Frequently Asked Questions
The Triggertrap device will be as 'open' as we can make it. That means:
- Source code will be 100% available for you to hack and modify as you please, and will be released under a GPLv3 license.
- The schematics for building one of these will be free to use and distribute, under Creative Commons - to be precise; CC BY-SA 3.0.
- The Eagle files to create your own PCB will also be available under CC BY-SA 2.0 (same as the schematics, above).
The only thing we are keeping control over is the Triggertrap name and logo. So; if you want to make your own, that's fantastic, but you can't call it 'Triggertrap'. Call it Troggertrip, or Trippertrap, or 'Camera Trigger That Is Awesome' if you want, but we reserve the right over the Triggertrap.com and Triggertrap name. Of course, if you make something awesome that is a Triggertrap derivation, we'd love to hear about it, and we would probably blog about it over on Triggertrap.com. This 'keeping our name but sharing our technology' approach has worked very well for Arduino (see http://arduino.cc/en/Main/Policy for their take on it), and it makes sense to us, as well.
Full details about our approach to licensing is available on the Triggertrap.com website: http://triggertrap.com/license/Last updated:
Boring? I disagree. However, Triggertrap is going to take timelapse into the future. (Timelapse. Future. See what I did there?)
Apart from the linear time-lapse photography you're used to, the Triggertrap will do non-linear time-lapse photography. This means that it can add (or remove) time from the clock for every exposure, creating time-lapse images that look as if they speed up - or slow down.Last updated:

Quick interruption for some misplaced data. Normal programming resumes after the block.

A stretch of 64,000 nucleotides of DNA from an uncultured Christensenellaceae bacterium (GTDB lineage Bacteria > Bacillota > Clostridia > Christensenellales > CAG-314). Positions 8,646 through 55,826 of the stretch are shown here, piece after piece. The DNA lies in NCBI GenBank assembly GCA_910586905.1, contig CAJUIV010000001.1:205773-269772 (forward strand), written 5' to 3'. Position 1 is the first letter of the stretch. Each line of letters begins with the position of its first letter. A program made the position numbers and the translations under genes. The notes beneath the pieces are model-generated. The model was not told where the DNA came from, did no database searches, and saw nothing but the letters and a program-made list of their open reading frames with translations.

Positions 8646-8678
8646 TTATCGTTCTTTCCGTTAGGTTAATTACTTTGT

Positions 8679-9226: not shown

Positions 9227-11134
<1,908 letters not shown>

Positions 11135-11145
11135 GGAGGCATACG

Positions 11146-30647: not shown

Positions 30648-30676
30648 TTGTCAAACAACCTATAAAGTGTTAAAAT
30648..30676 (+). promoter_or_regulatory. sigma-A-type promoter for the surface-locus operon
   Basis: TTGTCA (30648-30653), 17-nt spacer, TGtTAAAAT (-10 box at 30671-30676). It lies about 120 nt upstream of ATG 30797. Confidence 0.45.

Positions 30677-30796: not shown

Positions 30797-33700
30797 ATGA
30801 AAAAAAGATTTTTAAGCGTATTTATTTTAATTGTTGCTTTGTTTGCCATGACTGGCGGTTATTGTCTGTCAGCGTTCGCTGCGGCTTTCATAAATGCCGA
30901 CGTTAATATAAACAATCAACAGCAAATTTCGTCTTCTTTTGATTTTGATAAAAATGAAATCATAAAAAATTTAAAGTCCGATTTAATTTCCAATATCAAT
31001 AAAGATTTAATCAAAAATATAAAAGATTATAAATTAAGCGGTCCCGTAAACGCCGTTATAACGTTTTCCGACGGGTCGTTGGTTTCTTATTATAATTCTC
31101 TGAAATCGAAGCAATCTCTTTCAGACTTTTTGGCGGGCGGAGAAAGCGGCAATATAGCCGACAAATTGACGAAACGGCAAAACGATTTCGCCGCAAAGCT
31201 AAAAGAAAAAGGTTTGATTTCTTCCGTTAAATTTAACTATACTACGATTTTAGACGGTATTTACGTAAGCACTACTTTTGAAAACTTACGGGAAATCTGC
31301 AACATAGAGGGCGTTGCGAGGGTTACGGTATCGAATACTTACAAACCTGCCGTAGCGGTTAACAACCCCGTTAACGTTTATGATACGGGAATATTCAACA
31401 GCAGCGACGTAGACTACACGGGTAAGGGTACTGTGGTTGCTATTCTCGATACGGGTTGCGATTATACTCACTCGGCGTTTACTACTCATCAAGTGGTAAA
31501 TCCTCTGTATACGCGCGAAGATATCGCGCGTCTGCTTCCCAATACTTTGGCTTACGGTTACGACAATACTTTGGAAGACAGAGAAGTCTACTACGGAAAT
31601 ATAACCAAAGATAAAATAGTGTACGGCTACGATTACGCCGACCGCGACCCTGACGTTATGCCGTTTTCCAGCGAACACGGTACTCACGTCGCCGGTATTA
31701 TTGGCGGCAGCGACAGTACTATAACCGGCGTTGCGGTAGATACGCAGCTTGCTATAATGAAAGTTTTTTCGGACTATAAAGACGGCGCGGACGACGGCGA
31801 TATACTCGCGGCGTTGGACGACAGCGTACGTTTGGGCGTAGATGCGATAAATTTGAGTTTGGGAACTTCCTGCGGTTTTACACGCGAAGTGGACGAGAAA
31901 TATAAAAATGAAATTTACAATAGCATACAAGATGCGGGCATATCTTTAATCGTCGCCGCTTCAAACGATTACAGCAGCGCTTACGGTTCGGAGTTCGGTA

Version A comes with an USB port and will be Arduino compatible, so if you know how to code an Arduino, then yes, you can.
Version B is completely open source, and ludicrously hacker friendly. Build whatever parts of the device you want, build the whole thing, or use it as a starting point for your own mad professor-style inventions.Last updated:
There are a few, actually.
The website for the project is http://Triggertrap.com
Haje's company website with details of his book projects is on http://kamps.org
The website referred to in the bit about the Auxiliary connections is get-some-damn-drawing-lessons.com. I have no idea if that domain actually exists.
The Timelapse segment was contributed by the rather awesome Tim Haynes, and the photos are his. Because he's fab, he allowed me to use the pictures, though. To see the full timelapse, check it out on Tim's website: http://bit.ly/i7Kxue
Finally, my e-mail address for more information etc, is mailto:email@example.comLast updated:
I built a Macro extension tube out of a Pringles can. Reddit, Digg, and the internet as a whole rather enjoyed it, and my web host hated me for it. These things happen.
If you want to read the article, it's available on Pixiq: http://www.pixiq.com/article/macro-photography-on-a-budget .
The lens design was also featured in Make magazine: http://bit.ly/dlu2bN and they did it as a Weekend Project on YouTube, too: http://youtu.be/vGdE15Qj3iALast updated: